Uber recently opened up its software platform to other companies, allowing them to integrate requests for Uber drivers into their own mobile apps. That offer quickly attracted nearly a dozen partners, including Starbucks, OpenTable, United Airlines (NASDAQ:UAL), TripAdvisor, and Hyatt Hotels and Resorts.
This means that a user making a reservation with OpenTable could also book a ride with Uber to get to the restaurant. Passengers on United Airlines could book Uber vehicles, along with their tickets, to pick them up from the airport. A Hyatt guest could book a room and get an Uber ride from the airport to the hotel.
While it's unclear if Uber is paying all these partners for ride referrals, The Wall Street Journal reported that Uber previously paid travel websites like TripAdvisor for referrals. Uber is also encouraging developers to create apps which refer users to the service through an affiliate program which pays developers $5 for each new rider.
Let's take a deeper look at how these new partnerships can help Uber become even more ubiquitous.
How Uber makes money
Uber doesn't own any vehicles. It only provides a free app which connects users to drivers, a navigation and fare calculation system, and a payment system. When passengers use the service, they pay Uber, not the driver, and the the company takes a 20% cut of the fare. Any driver who passes the company's background check can sign up as a driver.
That system is elegantly simple compared to taxi companies, which require the purchase of taxi medallions, which can cost over $1 million each in New York City. Taxi drivers in popular areas aren't always known for taking the shortest route, and often request large tips (20% to 30% in New York City).
With Uber, both the driver and passenger are provided with the same GPS-enabled map, and no tips are required. Since Uber's low-end UberX service dropped its price 20% in July, the service is now cheaper than a New York City taxi. According to a leaked receipt from last December, Uber paid its drivers $1.1 billion in 2013, which would translate to annual revenue of $220 million.
Meanwhile, taxi companies have struggled on mobile devices because the industry is fragmented. VeriFone's (NYSE:PAY) Way2Ride, which launched last October, is the closest thing the taxi industry has to Uber -- it is accepted in over 11,000 NYC area taxis, and has slowly expanded to other areas like Philadelphia.
The problem with Way2Ride, however, is that it requires the cooperation of additional taxi companies before it can expand, which means it can't grow as rapidly and freely as Uber.
Expand and conquer
By opening up its API to third-party apps, Uber is executing a play right out of Google's (NASDAQ:GOOG) (NASDAQ:GOOGL) playbook -- to become a ubiquitous service as quickly as possible. That's not surprising, considering Google invested $258 million in the company last August and added Uber integration to Google Maps in May.
To understand how much bigger Uber could get through these partnerships, we should start with a base figure of 860,000 monthly active users -- a figure which Gawker estimated based on the company's leaked financials.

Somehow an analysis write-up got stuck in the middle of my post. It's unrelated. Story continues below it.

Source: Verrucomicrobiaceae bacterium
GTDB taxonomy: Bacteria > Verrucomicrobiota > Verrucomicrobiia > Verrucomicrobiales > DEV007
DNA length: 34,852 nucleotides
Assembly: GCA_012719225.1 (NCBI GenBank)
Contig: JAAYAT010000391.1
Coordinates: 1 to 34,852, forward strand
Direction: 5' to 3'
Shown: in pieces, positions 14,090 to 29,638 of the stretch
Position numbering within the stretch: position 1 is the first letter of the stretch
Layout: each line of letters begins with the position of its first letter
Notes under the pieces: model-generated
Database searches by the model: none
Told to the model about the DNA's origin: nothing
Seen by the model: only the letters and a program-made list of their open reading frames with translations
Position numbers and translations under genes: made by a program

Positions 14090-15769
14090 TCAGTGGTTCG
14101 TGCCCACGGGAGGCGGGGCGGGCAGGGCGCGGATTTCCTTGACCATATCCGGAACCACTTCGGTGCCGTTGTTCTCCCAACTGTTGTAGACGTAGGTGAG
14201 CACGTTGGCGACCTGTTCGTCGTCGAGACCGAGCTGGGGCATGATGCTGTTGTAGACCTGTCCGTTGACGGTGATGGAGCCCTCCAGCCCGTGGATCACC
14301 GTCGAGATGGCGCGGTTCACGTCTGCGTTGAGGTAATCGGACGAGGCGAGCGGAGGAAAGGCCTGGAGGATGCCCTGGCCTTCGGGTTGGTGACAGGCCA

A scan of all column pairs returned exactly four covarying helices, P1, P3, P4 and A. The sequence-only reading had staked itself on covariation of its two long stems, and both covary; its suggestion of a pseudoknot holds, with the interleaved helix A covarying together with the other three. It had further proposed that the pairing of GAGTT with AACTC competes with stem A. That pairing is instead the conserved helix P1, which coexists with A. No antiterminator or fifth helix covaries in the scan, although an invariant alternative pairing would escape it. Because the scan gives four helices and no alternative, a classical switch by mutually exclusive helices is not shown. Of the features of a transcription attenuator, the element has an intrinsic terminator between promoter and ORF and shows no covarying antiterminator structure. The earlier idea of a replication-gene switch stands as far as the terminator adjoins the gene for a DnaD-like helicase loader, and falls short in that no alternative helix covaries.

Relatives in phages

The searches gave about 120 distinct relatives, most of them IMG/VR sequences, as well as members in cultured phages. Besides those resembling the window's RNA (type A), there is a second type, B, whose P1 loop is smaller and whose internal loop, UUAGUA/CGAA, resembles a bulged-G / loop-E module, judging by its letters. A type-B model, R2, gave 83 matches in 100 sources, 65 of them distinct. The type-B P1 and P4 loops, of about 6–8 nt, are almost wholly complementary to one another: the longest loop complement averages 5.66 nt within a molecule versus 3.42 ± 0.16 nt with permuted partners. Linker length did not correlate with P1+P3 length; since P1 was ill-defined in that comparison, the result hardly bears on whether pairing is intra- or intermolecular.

Let's take a look at OpenTable, which Priceline (NASDAQ:BKNG) acquired for $2.6 billion in June. OpenTable claims that it seats over 15 million diners per month at 31,000 restaurants. If just 6% of those diners use Uber the next time they book a table, it would double Uber's monthly active users.
Speaking to TechCrunch, Uber SVP of business Emil Michael believes that the 11 Uber-integrated launch apps have already been downloaded by at least 200 million users. Those apps could all complement each other -- the United Airlines app would lead to Hyatt's app, which could lead to Tempo's smart calendar app for booking meetings. Uber would be the common thread that runs through all of these apps.
Considering how much bigger these partnerships could make Uber, it's not unreasonable to assume that the company's annual revenue could eventually rise five-fold and hit $1 billion.
But let's not get Uber excited yet...
While the API deal was a great move for Uber, it's not completely risk-free.
Uber has faced accountability issues with the past, with cases of sexual assault, kidnapping, and a hit-and-run involving its drivers. Uber has promised to tighten up background checks and training, but unchecked growth with the aid of so many apps could result in a higher number of incidents which could tarnish the company's reputation. The overall quality of drivers could suffer as well.
Uber is available in 170 cities and 44 countries, but some areas are openly hostile to the service. Berlin has banned the service, and London cab drivers have protested against it. If Uber's growth suddenly explodes across the world, it could quickly become a much larger target for regulators.
A Foolish final word
If Uber doesn't have a contingency plan in place to deal with these growing pains, it could leave the door open competitors like Lyft to capitalize from its mistakes. Despite these risks, Uber is clearly ready to shift its growth into high gear, making it one of the hottest private tech companies to follow.